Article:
In a Fox interview the day after the Aug. 28 primary, he said electing Mr. Gillum, 39, could “monkey this up,” which Democrats denounced as a racist dog whistle. (Mr. DeSantis denied that.) News reports exposed how far-right extremists were among the organizers and attendees of some of the conferences he frequented. A white supremacist group targeted Mr. Gillum with offensive robocalls. A campaign contributor apologized for referring to former President Barack Obama with a racist slur, but Mr. DeSantis declined to return his donation.

One of the great pleasures of this election cycle was watching his opponent, Andrew Gillum, completely own him with a debate soundbite that went viral:


Dana Rohrbacher, California: This guy has been in Congress for 30 years after serving as one of the architects of Regan’s trickle-down economic plan, and in that time he’s managed to toe the far-right line on everything from climate change (he blamed previous warming cycles on “dinosaur flatulence”) to immigration to guns (he was one of the people who eagerly read copy for Sacha Baron Cohen’s “Kinderguardians” program that advocated for toddlers to train with guns). But he’s managed to outdo himself in the past two years—at this point, everyone from the State Department to Robert Mueller to his own House leader, Devin Nunes, thinks he’s on Vladimir Putin’s payroll. Anti-Russia hysteria has gotten out of hand in some corners of the left, but if there’s one guy who it actually applies to, it’s Rohrbacher. Beyond Russia, he said in May that homeowners should be allowed to refuse LGBT buyers. For decades, he’s been the ghoul of ghouls, and he shows no signs of slowing.


Seth Grossman, New Jersey: Rolling Stone has the goods on this guy, and it doesn’t take long to paint him as truly extraordinary even by GOP standards:

The former city councilman and county freeholder from Atlantic City has written that gay men should have been quarantined in the ‘80s and called Islam “a cancer.” On Facebook, he’s shared posts by Jihad Watch’s Robert Spencer, anti-Islam agitator Pamela Geller, alt-right posterboy Milo Yiannopoulos as well as racist memes, including one that suggested Arabs, like Obama, want to “move to your country, rape our women, bomb your buses, riot in your streets, and demand that you accept [their] religion.”

Hey, at least he’s Jewish so he probably won’t deny the Holocaust!


Mike Braun, Indiana: This ad, narrated by Braun himself, is really something, and rivals the racist Trump ad that even Fox News won’t show:

Braun is running for Senate, and his race seems to be a toss-up.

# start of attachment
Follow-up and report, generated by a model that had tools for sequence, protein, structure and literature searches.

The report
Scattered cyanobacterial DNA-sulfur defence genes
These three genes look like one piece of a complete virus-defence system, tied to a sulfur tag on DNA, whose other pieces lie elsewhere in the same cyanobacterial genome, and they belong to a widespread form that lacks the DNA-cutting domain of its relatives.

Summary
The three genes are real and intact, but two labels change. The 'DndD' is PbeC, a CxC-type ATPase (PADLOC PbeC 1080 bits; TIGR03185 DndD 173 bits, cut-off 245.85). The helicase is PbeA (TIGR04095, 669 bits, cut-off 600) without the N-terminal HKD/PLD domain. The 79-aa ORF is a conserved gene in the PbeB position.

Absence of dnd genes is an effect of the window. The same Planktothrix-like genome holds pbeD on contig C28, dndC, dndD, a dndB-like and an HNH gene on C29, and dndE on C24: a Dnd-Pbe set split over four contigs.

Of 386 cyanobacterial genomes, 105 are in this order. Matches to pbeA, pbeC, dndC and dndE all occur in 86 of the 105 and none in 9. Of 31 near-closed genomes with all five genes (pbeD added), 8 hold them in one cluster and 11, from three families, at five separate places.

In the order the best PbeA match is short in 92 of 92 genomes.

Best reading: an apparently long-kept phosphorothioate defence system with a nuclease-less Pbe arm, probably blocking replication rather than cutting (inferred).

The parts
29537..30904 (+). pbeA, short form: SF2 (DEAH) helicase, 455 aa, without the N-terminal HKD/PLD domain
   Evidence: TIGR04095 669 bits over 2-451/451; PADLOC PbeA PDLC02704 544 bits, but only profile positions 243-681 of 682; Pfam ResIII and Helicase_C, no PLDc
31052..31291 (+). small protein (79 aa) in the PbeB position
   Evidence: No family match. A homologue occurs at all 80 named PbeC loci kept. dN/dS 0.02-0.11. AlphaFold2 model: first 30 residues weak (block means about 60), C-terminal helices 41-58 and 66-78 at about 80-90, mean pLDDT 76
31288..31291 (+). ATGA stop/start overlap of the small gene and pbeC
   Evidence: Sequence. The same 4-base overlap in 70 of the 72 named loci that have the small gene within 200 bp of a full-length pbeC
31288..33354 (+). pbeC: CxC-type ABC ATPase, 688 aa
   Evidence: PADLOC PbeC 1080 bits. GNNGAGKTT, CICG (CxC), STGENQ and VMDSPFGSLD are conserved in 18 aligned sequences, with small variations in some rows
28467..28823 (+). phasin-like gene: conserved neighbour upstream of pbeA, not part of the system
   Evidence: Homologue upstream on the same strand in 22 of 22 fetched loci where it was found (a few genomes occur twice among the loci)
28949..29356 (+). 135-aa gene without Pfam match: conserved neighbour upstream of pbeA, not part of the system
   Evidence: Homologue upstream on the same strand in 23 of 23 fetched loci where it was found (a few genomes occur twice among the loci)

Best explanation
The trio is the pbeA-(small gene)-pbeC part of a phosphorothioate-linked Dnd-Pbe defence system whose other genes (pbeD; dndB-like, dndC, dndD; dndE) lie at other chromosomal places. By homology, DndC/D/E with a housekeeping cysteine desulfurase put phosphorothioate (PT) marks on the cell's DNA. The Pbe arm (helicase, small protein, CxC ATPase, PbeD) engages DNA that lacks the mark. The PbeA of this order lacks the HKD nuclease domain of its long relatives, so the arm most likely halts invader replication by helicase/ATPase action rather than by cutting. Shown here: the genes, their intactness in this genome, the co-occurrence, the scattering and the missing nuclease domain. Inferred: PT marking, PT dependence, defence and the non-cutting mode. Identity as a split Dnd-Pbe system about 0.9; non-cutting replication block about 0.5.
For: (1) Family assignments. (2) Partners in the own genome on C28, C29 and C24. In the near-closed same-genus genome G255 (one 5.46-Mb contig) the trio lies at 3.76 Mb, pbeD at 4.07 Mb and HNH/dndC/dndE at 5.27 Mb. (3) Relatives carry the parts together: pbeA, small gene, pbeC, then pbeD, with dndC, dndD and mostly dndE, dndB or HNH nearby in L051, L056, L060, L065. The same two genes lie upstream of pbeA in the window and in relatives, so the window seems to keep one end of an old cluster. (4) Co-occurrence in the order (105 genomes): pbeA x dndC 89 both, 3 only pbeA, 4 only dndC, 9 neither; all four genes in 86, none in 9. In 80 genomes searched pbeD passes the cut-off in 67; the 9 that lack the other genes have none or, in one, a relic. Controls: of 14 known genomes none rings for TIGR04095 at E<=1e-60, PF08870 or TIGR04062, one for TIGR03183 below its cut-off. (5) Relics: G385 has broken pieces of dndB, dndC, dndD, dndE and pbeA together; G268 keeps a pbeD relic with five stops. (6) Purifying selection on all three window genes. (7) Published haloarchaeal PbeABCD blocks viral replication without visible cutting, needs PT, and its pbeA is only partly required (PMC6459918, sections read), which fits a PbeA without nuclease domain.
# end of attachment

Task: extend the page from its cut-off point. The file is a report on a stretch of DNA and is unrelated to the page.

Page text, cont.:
Duncan Hunter, California:

Duncan Hunter’s dad served in the same House seat that Hunter occupies today for years and years, and Duncan the Younger is a quintessential failson. He was indicted in August for using campaign funds to go on family trips, play his kids’ school tuition, and buy an airplane ticket for a pet rabbit. (Nope, not kidding.) All told, he and his wife seem to have made off with $250,000 in campaign cash. Last month, in a different kind of lie, he told Fox News that DHS has caught “at least ten ISIS fighters” at the border, citing “sources.” He has provided absolutely no proof of this, and DHS has denied it, but he refuses to back down. And to put the cherry on top of this fecal sundae, Hunter has attacked his opponent, a Christian with Muslim heritage, with racist ads while having his allies claim that he’s a “national security risk.”

Note: An earlier version of this story identified Hunter’s opponent as Muslim. That has been corrected in the sentence above. We regret the error.


Corey Stewart, Virginia: Stewart was born in Minnesota, but that hasn’t stopped him from going full confederate in his Virginia race for the U.S. Senate against Tim Kaine. He loves to shout about “taking back our heritage,” and he and his aides have such close ties with white supremacists that other Virginia Republicans have gone out of their way to provide oppo research to Stewart’s opponents. He is, of course, a Trump favorite, and among his greatest hits is defending the president’s contention that there were “very fine people” on both sides of the Charlottesville protests. He also called Wisconsin Rep. Paul Nehlen “one of my heroes” and took an incredibly long time to disavow him after he began tweeting outrageously anti-Islamic sentiments like “9/11 would’ve been a Wonderful #DayWithoutImmigrants.”


Scott Walker, Wisconsin: Walker, the governor of Wisconsin, has dedicated his life to busting unions and gutting public education and making life miserable for poor people and nominating homophobic and misogynist judges and eliminating funding for women’s health centers and letting big corporations write their own rules for polluting the air and water, and he is the Koch Brothers’ prize boy (you can imagine their disappointment when he flamed out of the presidential election). Despite this, he has survived two narrow elections and a recall. He became visibly terrified online after a few special election victories for Wisconsin Democrats earlier this year, and now he seems to be trailing Tony Evers in his bid for a third term. The end of Walker’s political career is almost too good to imagine, but it would be the triumph of triumphs.

Ted Cruz, Texas: The easy joke here would be to write “He’s the Zodiac Killer” and just end the post, but that would be going too easy on Cruz. In fact, he’s had a detrimental effect on far more American lives than the Zodiac ever did—this is a person, for instance, who couldn’t bring himself to immediately oppose the child separations at the border even though the man ordering them, Donald Trump, spent an entire campaign calling him a liar and making fun of his wife, and even though Cruz himself is only here because the U.S. granted his Cuban father political asylum. He’s so hard right that no less an eminence than Lindsey Graham, criticizing his own party, had this to say: “If you killed Ted Cruz on the floor of the Senate, and the trial was in the Senate, nobody would convict you.” He’s unlikable, his policies are abysmal, and even in deep-red Texas, he could actually lose.

That’s the list. I apologize to all the worthy contenders I had to leave off, of which there were many. To everyone else, stay sane tonight, and let’s hope we go 15-for-15.